Jose Fernandez’s recovery from Tommy John elbow surgery has advanced to the point that the Marlins have moved the 22-year-old’s right-hander rehab assignment to Triple-A.
He’ll start Wednesday for New Orleans, which will actually be the first Triple-A start of Fernandez’s career because he jumped from Single-A to the majors as a stud prospect coming up through the Marlins’ farm system.
Clark Spencer of the Miami Herald reports that Fernandez is expected to throw 75-80 pitches, suggesting he’ll likely need at least a couple more rehab outings before being fully stretched out to rejoin the Marlins’ rotation.
Fernandez struggled in his first rehab start at Single-A on June 6, but tossed five shutout innings with four strikeouts and one walk in his second start Friday.
Matt Joyce was supposed to provide some pop from the left side of the plate for the Angels after they acquired him from the Rays this offseason, but instead he’s been terrible and has now been benched.
Joyce was out of the Angels’ lineup Sunday against a right-handed pitcher in what Bill Shaikin of the Los Angeles Times calls “an indication they are running out of patience with the struggling outfielder.”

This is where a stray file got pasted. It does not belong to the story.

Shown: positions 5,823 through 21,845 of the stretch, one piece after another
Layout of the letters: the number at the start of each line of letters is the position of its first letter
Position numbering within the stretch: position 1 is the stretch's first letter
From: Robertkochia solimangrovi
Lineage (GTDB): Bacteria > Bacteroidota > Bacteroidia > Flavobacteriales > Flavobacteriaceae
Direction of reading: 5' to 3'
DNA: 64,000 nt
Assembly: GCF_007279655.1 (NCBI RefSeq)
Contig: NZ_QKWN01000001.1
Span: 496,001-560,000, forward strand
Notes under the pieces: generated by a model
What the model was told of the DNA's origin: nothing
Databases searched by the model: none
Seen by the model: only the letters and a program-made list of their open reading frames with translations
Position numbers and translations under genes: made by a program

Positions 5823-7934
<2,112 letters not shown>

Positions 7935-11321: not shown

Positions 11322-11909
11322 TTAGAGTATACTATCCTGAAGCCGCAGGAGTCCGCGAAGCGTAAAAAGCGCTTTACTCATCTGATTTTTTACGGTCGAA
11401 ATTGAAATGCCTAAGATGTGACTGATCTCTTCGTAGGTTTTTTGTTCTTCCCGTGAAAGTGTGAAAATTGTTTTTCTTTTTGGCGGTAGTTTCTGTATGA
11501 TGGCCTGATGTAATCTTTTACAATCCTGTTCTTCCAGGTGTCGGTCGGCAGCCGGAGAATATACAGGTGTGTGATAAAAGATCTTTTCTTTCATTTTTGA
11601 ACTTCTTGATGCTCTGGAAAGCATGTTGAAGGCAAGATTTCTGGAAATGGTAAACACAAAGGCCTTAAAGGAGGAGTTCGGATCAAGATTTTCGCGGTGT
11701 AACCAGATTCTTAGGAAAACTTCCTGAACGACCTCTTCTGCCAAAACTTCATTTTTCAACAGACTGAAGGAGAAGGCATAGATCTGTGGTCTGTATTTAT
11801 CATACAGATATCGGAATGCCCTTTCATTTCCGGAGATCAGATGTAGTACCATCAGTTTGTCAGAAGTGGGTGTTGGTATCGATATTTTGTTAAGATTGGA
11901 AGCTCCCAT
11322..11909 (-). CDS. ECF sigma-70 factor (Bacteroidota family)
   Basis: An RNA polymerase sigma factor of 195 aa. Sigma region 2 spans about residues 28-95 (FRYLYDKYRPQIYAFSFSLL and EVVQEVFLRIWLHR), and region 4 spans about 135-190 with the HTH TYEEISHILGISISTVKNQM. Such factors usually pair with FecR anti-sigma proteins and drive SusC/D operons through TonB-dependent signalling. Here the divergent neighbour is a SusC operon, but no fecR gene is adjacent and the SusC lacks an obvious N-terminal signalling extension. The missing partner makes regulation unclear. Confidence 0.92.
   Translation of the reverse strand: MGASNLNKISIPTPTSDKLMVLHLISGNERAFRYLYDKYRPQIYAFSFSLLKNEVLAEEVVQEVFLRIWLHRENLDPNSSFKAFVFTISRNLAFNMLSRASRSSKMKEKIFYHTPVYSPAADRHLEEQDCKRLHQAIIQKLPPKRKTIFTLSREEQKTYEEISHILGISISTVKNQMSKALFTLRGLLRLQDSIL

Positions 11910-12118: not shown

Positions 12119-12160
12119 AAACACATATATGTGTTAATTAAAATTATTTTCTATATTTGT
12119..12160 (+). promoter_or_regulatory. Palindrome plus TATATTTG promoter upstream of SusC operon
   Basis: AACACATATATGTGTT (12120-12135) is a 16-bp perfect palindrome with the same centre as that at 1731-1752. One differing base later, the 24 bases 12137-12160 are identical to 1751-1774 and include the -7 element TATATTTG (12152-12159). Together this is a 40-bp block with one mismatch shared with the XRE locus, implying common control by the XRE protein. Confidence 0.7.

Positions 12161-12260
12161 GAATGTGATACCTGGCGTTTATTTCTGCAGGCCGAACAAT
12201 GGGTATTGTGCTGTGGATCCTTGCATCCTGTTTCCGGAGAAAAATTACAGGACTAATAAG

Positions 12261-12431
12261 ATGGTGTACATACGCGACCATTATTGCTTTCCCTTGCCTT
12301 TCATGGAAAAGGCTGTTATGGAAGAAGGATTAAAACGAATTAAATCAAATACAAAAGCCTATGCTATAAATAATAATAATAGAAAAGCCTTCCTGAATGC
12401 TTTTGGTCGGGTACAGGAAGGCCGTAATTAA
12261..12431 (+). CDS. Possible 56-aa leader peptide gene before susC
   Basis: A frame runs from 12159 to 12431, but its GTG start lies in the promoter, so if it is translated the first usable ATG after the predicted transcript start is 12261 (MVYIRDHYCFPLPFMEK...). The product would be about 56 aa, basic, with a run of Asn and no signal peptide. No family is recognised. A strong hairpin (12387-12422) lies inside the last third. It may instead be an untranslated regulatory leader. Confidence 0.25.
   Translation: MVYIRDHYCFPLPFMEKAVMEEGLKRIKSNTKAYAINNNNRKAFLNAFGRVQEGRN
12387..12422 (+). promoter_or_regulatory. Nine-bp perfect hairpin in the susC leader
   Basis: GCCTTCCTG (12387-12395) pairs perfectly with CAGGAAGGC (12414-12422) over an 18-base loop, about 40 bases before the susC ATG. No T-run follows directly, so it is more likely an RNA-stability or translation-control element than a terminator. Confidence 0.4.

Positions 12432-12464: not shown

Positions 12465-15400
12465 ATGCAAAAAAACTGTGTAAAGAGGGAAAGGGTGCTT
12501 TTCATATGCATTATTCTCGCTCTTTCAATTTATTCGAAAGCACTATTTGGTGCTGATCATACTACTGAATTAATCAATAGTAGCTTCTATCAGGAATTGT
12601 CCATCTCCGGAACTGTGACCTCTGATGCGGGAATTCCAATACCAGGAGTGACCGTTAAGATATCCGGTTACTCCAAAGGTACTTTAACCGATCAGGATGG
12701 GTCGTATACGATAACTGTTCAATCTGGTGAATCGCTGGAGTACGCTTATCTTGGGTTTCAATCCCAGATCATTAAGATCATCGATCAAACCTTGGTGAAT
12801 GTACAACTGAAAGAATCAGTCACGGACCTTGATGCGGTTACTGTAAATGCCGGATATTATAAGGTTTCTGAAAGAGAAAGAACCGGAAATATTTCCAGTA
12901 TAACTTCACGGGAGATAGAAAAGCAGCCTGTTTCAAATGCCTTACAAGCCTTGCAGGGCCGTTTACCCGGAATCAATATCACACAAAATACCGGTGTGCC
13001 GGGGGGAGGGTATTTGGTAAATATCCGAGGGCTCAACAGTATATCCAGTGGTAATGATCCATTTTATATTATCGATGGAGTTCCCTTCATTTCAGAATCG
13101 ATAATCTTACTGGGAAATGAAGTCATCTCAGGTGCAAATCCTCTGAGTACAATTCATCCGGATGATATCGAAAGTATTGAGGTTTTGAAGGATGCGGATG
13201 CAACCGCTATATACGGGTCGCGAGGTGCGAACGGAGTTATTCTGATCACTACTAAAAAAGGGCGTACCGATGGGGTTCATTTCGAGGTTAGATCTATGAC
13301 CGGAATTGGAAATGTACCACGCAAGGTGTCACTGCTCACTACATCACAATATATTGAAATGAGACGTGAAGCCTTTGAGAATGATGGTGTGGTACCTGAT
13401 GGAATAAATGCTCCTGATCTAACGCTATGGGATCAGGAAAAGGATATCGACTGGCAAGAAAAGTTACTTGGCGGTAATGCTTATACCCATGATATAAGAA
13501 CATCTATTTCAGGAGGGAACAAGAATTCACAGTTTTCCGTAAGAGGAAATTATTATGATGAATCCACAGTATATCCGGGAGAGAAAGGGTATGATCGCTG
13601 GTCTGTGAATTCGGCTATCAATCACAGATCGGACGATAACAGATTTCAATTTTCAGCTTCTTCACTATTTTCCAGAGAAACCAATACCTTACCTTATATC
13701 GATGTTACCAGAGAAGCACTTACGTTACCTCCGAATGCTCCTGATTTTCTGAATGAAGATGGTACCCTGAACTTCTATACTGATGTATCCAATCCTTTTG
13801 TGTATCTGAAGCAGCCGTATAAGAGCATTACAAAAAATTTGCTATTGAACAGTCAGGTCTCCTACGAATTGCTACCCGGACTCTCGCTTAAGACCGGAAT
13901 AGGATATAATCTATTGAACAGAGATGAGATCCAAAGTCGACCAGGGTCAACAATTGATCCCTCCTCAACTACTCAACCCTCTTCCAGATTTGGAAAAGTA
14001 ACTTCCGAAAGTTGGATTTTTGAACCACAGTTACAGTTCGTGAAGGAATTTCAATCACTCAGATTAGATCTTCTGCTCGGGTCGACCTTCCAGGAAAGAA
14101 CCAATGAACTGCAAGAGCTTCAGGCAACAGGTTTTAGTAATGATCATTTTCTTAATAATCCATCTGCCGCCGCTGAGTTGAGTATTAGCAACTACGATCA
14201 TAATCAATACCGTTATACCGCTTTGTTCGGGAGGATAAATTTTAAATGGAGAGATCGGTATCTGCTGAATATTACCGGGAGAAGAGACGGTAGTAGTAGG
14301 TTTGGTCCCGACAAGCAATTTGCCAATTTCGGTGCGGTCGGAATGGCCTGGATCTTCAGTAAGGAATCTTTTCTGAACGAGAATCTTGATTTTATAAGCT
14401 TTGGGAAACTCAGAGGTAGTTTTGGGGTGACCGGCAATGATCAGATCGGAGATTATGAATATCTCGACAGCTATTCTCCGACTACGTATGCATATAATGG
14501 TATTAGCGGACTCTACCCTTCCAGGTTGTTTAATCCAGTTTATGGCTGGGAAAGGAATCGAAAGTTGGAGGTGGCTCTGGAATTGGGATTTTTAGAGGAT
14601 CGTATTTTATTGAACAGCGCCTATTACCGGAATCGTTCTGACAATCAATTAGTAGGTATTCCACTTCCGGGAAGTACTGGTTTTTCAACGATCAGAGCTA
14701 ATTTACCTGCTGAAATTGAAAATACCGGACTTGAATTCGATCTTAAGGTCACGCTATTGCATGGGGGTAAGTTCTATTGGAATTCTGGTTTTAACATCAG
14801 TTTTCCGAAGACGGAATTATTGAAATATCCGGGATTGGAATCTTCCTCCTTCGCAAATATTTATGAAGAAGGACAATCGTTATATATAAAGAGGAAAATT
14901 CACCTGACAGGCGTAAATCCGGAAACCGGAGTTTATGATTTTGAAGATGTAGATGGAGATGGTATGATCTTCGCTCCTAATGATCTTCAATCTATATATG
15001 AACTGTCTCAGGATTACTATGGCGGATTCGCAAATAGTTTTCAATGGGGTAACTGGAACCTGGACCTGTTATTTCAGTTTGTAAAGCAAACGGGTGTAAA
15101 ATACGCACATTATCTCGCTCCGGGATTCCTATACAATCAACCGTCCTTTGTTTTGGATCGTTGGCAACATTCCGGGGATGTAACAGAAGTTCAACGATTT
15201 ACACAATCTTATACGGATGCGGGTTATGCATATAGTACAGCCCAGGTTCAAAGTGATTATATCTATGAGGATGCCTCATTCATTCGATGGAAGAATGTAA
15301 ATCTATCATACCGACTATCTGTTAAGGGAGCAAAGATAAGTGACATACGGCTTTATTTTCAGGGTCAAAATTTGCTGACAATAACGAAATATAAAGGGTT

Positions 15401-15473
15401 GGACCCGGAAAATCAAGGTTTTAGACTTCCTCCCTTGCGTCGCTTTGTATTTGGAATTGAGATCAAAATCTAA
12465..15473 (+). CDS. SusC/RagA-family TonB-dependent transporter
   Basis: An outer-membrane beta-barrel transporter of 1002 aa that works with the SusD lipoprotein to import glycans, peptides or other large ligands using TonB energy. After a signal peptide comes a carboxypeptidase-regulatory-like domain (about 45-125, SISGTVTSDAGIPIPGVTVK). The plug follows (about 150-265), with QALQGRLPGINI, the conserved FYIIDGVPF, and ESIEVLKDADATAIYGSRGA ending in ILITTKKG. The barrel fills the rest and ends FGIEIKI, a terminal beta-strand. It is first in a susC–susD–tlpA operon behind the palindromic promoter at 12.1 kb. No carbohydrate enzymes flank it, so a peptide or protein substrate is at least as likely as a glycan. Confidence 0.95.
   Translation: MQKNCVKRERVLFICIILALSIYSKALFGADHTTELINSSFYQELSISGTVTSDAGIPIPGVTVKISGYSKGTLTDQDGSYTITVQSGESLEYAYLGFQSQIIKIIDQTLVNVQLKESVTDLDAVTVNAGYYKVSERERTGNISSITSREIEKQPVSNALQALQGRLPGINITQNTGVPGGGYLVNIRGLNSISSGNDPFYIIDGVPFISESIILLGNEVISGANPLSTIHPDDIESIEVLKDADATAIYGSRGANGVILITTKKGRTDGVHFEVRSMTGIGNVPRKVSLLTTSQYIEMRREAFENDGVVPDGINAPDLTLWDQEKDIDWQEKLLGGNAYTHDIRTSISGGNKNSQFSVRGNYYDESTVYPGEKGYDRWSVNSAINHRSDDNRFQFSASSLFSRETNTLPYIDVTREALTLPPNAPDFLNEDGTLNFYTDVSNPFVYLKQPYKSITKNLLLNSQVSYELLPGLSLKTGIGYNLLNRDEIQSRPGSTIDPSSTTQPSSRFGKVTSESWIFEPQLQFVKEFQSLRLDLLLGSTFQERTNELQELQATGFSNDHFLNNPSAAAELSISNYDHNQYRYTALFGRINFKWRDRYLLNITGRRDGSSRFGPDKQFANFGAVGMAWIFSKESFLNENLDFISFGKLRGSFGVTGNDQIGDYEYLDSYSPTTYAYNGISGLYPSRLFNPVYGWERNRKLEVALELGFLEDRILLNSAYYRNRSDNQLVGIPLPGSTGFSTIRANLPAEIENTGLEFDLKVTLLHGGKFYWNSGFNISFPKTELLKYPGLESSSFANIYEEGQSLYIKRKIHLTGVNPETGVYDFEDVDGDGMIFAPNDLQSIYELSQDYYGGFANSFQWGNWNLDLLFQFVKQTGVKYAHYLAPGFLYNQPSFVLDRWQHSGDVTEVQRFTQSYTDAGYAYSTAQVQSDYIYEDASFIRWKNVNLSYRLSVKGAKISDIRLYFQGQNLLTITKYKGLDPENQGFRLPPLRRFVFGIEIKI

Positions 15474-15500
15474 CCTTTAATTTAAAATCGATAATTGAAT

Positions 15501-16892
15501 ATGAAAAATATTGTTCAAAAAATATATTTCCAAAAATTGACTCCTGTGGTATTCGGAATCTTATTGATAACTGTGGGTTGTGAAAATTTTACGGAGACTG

Joyce posted a .783 OPS from 2008-2014, including an OPS above .725 every season and especially good numbers versus right-handed pitching, but this year he’s hitting .183 through 56 games. It’s also worth noting that he struggled in the second half of last season for the Rays, suggesting his drop in production now may be more than just a two-month slump.
According to manager Mike Scioscia the team has not considered simply releasing Joyce, who’s making $4.75 million, but their alternatives would be unproven, relatively low-upside hitters playing out of position like Johnny Giavotella, Efren Navarro, Kyle Kubitza, and Taylor Featherson.
Torii Hunter’s post-ejection tantrum Wednesday, which included removing his uniform and throwing it onto the field after making physical contact with an umpire, has earned the Twins outfielder a two-game suspension and undisclosed fine from MLB.
Hunter is appealing the suspension, naturally, so he’ll be able to play in the meantime.
Here’s the video of Hunter’s meltdown, so you can judge for yourself what the proper punishment should be:
Hunter also claimed afterward that the umpire Mark Ripperger was intentionally making bad calls against him as “revenge” for previous complaints.